I met ZZ Top’s Billy Gibbons once, at the MOJO Honours List in London. He’d come along with Jeff Beck to receive the Gibson Les Paul Award. At the time I had a pretty spectacular beard often referred to as Top-esque. He made a b-line for me on the red carpet and, from behind a well-trimmed chin, he gave it a tug and said, “You’ll have to better than that, fellah.”
Back in 1996, Fuzz magazine (yes, such a thing existed) asked Billy Gibbons if there were any local Arizona players that he dug. “A Czechoslovakian guy that grew up doing his interpretation from Chicago and later Tucson, Arizona called Rainer Ptacek,” he enthused. “He outfitted a combo called Rainer And Das Combo. And later we became friends, I produced a record on him in ‘86 called ‘The Texas Tapes’. Still one of my favourite guitar men.”
‘The Texas Tapes’ finally sneaked out in 1993, some seven years after the release of the Combo’s debut ‘Barefoot Rock’, with a contractually unnamed Gibbons steering the proceedings. It’s the stuff of apocryphal rock legend, a chance meeting that became part of a jigsaw that would eventually have pieces provided by Robert Plant, Emmylou Harris, Evan Dando and a cast of many.
“Few bluesmen have a biog to match Rainer Ptacek,” remarked The Independent on its re-issue back in 2000, as a host of Top sites rumour the mill that the whole of the Top were actually backing Rainer on the recordings – indeed such hyperbole still fills blogs today.
“Though more heavily produced than the original Das Combo effort and a hair less taut, these versions of ‘I Am A Sinner’, ‘The Mush Mind Blues’, ‘Powder Keg’, ‘One Man Crusade’, and ‘Merciful God’ still have a timeless quality,” reckoned The Tuscon Citizen.
So the story goes Gibbons saw Rainer And Das Combo live at Tucson venue Nino’s and, according to Fred Mills in Blurt, “A few years later Gibbons invited Rainer to his studio in Texas to record with him, and the results eventually appeared in ’93.”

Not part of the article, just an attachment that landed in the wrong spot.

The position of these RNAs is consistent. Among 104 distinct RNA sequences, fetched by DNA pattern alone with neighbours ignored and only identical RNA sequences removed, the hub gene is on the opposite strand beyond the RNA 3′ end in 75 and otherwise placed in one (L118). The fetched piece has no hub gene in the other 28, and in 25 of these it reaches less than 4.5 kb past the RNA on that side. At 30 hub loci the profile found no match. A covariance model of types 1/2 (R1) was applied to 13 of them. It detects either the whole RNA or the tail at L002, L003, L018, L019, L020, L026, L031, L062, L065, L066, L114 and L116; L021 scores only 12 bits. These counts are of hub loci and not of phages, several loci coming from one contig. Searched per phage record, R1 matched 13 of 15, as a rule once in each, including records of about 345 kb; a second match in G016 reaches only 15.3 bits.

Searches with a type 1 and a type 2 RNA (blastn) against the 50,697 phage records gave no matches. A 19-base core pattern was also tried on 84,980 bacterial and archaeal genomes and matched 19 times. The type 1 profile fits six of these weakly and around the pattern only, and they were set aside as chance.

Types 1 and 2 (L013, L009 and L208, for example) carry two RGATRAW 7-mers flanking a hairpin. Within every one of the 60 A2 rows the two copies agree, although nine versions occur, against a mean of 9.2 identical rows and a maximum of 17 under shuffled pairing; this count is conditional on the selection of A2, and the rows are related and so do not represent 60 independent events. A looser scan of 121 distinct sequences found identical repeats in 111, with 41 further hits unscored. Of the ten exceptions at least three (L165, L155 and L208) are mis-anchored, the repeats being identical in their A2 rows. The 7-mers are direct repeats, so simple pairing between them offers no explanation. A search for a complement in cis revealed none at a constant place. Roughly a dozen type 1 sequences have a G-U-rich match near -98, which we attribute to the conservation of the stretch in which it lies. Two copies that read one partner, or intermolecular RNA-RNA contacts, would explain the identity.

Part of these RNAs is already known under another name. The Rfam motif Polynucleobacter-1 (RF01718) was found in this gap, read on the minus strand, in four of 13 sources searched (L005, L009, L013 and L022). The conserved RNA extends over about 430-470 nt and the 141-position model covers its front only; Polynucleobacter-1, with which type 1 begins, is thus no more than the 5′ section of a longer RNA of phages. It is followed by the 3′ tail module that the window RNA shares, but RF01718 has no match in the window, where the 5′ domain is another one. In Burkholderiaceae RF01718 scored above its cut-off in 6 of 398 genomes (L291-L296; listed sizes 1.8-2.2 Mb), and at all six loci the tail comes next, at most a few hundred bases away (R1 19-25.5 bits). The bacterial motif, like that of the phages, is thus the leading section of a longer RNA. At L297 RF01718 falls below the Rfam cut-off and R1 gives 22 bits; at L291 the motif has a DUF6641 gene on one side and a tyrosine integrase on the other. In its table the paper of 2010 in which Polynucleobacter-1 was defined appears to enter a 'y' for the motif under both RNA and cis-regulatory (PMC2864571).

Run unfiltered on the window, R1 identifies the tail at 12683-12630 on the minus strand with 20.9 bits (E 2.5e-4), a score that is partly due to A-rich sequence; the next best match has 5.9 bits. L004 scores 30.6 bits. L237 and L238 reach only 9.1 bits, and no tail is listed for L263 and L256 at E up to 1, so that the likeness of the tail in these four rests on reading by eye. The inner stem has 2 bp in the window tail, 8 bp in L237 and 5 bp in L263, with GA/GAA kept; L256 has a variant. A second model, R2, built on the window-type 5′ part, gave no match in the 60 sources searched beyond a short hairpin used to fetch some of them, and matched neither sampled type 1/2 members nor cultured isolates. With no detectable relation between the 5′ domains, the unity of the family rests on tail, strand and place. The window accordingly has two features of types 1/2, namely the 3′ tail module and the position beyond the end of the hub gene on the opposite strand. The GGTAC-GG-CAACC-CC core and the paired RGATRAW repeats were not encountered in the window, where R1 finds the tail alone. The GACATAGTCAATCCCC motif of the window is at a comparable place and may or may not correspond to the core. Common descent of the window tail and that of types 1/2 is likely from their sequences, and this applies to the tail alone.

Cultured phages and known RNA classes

Mills also recalls on Rainer’s website how he first came across the guitarist: “Vacationing in London in 1985, I was hanging out one afternoon with some record label people and the publisher of Bucketful Of Brains magazine when someone pulled out a copy of the album (‘Barefoot Rock With Rainer And Das Comnbo’) and asked me if I was familiar with the band, me being from the US and all that. No, I wasn’t, I told them. “This Tucson guy is incredible,” they advised me, with utmost severity. “One of the best guitarists in your entire country.”
No short change there and, as with his original outfit Ginat Sand, the European reputation of the blues man far outweighed his homegrown praise. It started well when Rolling Stone’s Kurt Loder praised the band’s original cassette-only release: “Despite the Germanic moniker, Rainer and Das Combo are a tight Tucson-based trio fronted by songwriter and slide-guitarist Rainer Ptacek, whose singing suggests a cross between golden-age Bob Dylan and Jonathan Richman with a deep case of the blues.” But, it was Europe that really took Rainer to their hearts and would provide the original releases on Demon and then Giltterhouse.
Some 24 years later, ‘The Texas Tapes’ are reissued to commemorate Rainer’s sad death in 1997. The original album is expanded to include four heavier but more spacious Billy Gibbons’ mixes along with a trio of demo’s. Gibbons adds echo, and vast chasms of space, elevating this desert rock to a whole new plateaux, the perfect setting for any sombre bluesman pontificating on life and times and love lost and found.
The album features the glorious ‘One Man Crusade’, which Howe Gelb rates as “one of the top ten best songs ever written. When we did the tribute [record] to him, ‘The Inner Flame’, Wild Seeds’ vocalist Kris McKay did a version of it that is mind-blowing and beautiful. So beautiful.“
It’s a heartbreaker, a tale of good love turned bad and, as is remembered on Rainer’s website, “Love is the most precious of anything in the universe – be it – look for it – love it.”
Dave Henderson May, 2017